Clegg outlines key priorities in British power-sharing talks
Liberal Democrat leader Nick Clegg highlighted electoral reform as one of his four key priorities for any power-sharing deal with the Conservatives Saturday as he began strategy talks with his party.
The day after the election produced Britain's first hung parliament since 1974, Clegg -- whose party came third and is now playing the role of kingmaker -- said the negotiations were taking place in a "constructive spirit".
But he said he would be guided by the Lib Dems' four key manifesto pledges on tax reform, schools, the economy and crucially, the "fundamental" reform of the voting system -- something the Conservatives have opposed in the past.
"We will very much be making the case for the big four priorities that we've always said, well before this election took place, would always guide us," Clegg told reporters as he entered discussions on the party's strategy with senior Lib Dem lawmakers in central London.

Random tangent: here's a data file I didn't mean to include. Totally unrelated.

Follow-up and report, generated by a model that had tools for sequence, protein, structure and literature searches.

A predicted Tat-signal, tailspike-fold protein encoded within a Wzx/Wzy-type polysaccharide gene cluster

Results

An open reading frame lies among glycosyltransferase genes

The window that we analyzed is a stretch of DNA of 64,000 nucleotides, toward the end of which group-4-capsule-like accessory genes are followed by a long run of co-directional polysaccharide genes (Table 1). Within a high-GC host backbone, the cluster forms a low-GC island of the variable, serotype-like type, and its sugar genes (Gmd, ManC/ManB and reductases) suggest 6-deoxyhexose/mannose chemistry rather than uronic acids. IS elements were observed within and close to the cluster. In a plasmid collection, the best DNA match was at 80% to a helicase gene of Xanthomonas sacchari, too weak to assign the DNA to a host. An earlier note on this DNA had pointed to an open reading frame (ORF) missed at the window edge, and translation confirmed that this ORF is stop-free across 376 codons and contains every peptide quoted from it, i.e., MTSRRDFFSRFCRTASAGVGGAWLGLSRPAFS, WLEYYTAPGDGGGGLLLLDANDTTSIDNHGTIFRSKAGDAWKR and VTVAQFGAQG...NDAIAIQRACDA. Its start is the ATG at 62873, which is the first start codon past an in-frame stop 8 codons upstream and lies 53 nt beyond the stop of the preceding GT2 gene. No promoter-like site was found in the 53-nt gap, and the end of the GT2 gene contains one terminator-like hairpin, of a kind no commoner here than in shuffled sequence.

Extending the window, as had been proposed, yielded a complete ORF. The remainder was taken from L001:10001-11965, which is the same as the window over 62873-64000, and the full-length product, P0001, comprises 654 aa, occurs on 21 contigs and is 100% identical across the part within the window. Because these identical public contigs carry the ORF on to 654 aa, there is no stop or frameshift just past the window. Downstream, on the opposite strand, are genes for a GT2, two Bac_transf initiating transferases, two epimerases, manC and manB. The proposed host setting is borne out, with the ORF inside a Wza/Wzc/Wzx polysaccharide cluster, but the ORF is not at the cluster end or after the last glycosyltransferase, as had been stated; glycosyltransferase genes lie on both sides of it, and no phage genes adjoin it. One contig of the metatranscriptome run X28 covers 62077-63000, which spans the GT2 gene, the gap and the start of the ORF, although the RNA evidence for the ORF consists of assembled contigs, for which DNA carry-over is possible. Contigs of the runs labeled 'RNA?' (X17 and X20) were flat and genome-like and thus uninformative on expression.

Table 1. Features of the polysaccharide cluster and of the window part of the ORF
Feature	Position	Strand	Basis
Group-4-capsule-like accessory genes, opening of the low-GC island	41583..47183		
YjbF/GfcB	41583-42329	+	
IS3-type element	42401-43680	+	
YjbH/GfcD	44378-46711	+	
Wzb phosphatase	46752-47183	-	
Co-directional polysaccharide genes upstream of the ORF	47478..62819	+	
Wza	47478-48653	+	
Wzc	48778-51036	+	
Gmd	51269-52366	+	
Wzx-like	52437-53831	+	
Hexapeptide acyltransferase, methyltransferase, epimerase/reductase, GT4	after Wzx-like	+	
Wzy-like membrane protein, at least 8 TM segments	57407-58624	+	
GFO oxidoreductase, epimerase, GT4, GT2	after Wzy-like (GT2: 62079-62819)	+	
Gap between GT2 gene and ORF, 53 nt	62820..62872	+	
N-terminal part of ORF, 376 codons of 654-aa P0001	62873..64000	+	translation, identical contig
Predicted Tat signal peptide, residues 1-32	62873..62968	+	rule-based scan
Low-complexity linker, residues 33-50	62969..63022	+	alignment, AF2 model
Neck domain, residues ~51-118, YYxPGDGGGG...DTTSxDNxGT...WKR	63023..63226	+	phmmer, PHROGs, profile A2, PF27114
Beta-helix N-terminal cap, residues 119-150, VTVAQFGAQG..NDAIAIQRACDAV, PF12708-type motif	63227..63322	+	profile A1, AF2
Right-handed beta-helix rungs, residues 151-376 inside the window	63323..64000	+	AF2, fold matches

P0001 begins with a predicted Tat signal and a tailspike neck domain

Electoral reform is likely to be the biggest sticking point in any deal with David Cameron's Conservatives, who won the most seats in Thursday's general election but not the overall majority that would enable them to form a government alone.
The Lib Dems want to change Britain's first-past-the-post voting system, which penalises small parties but produces a clear result, to a system of proportional representation, something the Conservatives oppose.
Clegg outlined his party's four main policy priorities.
"Firstly fair tax reform, secondly a new approach in education to provide the fair start that all children deserve in school, thirdly a new approach to the economy so we can build a new economy from the rubble of the old, and fourthly fundamental political reform to our political system."
© 2010 AFP